My husband was honored this weekend at Brown University where he and members of the 1994 crew teams were inducted into the Hall of Fame (awesome.) While in Providence, we stumbled upon the type of coffee place only locals go, and that you could drop in Paris or Portland, and it would fit right in. It inspired me to think about how brands and the venues they inhabit, and people they attract, color our worlds. The Starbucks in the lobby of our hotel was a guaranteed experience; piped in music, the New York Times, six different types of milk, and a coffee menu that, while absurd in its sweetly seasonal offerings, is a general public staple. People rely on it for those things, and they always get it. But Bolt Coffee, the little spot 6 blocks away with black soapstone countertops, Ella Fitzgerald playing in the background and perfectly imperfect 1920’s tiles lining a cozy, low-lit interior, is a radically different way to have the same product. Is the coffee different? Sure, yes, it is. Is it brilliant that by every table was a place to hang your purse? Yes. Incredibly thoughtful. But we identify ourselves and the state of our lives by how we surround ourselves. So it’s not just a cup of coffee ultimately, a battle over superior product; it’s really more about who we are reflected back to us in the brands and places we choose. Starbucks is convenient, but 3 percent of us will walk the extra blocks for something more specific.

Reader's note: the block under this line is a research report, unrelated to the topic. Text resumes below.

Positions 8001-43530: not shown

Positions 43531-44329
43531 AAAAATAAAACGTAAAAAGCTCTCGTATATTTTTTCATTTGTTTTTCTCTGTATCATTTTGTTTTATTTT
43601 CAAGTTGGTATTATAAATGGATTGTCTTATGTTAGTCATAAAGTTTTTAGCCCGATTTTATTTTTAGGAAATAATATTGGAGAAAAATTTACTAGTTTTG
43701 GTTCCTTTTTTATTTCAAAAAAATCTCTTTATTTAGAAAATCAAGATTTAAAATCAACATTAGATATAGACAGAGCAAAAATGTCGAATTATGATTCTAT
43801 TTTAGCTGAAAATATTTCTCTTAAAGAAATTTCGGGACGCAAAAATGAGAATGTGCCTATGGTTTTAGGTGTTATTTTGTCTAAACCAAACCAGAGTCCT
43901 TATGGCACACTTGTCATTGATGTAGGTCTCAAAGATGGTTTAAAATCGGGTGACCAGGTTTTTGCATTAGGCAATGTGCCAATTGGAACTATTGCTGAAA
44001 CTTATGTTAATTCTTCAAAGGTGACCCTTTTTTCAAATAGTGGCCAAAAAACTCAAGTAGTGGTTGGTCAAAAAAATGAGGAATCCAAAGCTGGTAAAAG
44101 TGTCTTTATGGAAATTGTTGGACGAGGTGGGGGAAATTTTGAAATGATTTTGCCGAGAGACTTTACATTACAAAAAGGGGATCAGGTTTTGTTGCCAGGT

This experience was brought home to me once I switched dance studios for my daughters. The first, located in a colossal office building, windowless with fluorescent lights and packed with mothers fretting over their over-accomodated tutu’d daughters, offers high quality dance instruction that my kids love. The second – bright, architecturally interesting, easy going parents – is the new one, also offering quality instruction. The product isn’t probably that different, but in the first, I felt uninspired and genuinely sad about the state of my life, while in the second, I identified with some of the mom’s (by shoe choices only – I haven’t gotten to know anyone yet), and had a sense of hope and happiness about life in general.
A little too deep over dance lessons, you say? Think about it. There’s nothing lonelier than a room full of people who use Android’s when you’re an iPhone girl. And so it is with everything.
Have you ever thought of how your brand – your product or service – colors someone’s world? It can’t just be about a product or service – we’ve got choices galore and competitive products and services are simply the price of entry. It’s got to go beyond that. The real winners are those who offer something that confirm the good things we are already thinking about who we are – who we aspire to be.
This honing and refining gets richer and better the more educated and connected you are.